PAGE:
Scientific Evidence On Meditation
When you see a person sitting on the floor, legs crossed, eyes closed and humming a syllable rhythmically – you often wonder to yourself if this is all for show. More and more people are meditating and they say that it makes them feel better, it helps them focus and it helps calm them down and they may have a point.
Consider that meditation is an ancient spiritual activity. Buddhist monks do it; Catholic nuns and monks do it and even Christians claim to meditate on the Holy Bible.
But, more important is that everyday people all around you do it as well, including, moms, dads, teenagers, athletes, personal trainers, and corporate executives.
Meditation is focusing the mind on a thought. Most people who meditate say that they use the time to calmly sort out and label the thoughts and feelings they are experiencing.
A study of nuns in a Canadian convent was made in the 1990s because the nuns there all seem to live to an average age of 100. They are physically active even at their advanced age and they are mentally alert. The researchers noted that these nuns went to bed at an early hour, they ate food they grew in the convent garden, they scrubbed floors, walked for miles to visit the sick and to teach children in the farming community around their convent. They also did crossword puzzles, read, played musical instruments, sang, prayed and they meditated.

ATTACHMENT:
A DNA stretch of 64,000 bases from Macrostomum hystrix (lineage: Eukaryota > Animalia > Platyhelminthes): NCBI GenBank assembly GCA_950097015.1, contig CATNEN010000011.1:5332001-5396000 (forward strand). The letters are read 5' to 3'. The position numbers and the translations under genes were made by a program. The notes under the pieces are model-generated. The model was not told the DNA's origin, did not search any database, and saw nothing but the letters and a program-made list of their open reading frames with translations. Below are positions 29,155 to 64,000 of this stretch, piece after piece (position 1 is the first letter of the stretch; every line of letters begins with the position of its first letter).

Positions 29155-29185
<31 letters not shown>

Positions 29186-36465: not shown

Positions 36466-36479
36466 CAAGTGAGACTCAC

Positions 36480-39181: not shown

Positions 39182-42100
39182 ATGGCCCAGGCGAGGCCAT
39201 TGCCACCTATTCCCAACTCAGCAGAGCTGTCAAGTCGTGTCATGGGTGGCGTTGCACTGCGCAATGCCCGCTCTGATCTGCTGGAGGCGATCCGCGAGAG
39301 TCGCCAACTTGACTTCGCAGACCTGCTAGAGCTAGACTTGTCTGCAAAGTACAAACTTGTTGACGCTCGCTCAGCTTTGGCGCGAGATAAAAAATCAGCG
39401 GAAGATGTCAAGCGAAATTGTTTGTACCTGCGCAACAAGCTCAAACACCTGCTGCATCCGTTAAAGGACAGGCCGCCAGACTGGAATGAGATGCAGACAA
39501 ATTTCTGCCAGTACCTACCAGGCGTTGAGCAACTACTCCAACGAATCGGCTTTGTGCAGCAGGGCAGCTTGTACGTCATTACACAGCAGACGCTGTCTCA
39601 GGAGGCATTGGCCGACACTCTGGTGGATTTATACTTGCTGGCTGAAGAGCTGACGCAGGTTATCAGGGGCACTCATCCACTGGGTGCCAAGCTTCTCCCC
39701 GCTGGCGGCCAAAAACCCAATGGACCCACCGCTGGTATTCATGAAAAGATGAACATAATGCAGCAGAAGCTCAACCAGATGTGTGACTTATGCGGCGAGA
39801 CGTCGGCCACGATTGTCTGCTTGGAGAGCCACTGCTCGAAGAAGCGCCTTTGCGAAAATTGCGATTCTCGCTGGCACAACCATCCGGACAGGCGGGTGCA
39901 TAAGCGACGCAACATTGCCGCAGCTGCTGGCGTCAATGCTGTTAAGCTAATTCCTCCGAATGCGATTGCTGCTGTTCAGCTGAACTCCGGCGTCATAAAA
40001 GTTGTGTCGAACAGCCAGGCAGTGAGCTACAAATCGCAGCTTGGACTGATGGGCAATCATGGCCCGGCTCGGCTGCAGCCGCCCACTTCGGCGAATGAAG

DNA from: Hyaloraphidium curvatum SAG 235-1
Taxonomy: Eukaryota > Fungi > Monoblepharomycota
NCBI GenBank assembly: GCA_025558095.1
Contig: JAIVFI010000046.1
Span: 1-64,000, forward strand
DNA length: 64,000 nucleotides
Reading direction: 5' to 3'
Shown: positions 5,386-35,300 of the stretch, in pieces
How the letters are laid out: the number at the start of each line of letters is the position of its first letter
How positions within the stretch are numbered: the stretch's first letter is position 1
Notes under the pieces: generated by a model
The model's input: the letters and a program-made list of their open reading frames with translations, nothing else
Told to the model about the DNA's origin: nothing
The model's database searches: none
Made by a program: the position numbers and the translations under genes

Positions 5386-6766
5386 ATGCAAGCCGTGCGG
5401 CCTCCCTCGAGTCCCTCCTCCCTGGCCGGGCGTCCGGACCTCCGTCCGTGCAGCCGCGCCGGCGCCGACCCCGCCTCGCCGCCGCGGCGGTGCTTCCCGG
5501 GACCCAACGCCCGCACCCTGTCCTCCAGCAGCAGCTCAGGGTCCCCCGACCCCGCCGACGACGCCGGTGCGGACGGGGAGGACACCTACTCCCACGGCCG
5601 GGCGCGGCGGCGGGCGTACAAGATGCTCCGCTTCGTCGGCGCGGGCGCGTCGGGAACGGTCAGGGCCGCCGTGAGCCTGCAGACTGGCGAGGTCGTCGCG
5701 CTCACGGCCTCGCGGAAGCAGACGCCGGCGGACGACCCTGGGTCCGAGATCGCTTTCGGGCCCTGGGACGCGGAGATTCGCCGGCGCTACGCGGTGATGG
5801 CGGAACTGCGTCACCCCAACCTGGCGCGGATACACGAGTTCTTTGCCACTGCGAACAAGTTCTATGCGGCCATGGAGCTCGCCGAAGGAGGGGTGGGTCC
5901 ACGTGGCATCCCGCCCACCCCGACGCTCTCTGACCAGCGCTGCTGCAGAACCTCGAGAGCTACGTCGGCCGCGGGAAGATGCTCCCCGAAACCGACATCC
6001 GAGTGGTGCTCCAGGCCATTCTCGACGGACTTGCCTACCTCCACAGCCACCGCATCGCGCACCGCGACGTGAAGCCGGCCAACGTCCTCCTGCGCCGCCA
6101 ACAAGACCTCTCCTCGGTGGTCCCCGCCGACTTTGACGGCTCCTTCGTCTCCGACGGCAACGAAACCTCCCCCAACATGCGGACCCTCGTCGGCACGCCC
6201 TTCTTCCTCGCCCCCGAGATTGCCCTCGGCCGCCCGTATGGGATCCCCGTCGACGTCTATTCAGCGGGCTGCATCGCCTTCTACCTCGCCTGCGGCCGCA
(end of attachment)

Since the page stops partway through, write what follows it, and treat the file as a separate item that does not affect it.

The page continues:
Recently, a California university has completed a study of the benefits of meditation. The researchers found that when people undergo a stressful situation, a part of their brain goes on overdrive. When they breathe deeply and slowly and take quiet time to process the situation they are in: labeling the thoughts and emotions they are experiencing, that part of their brain called the amygdala calms down.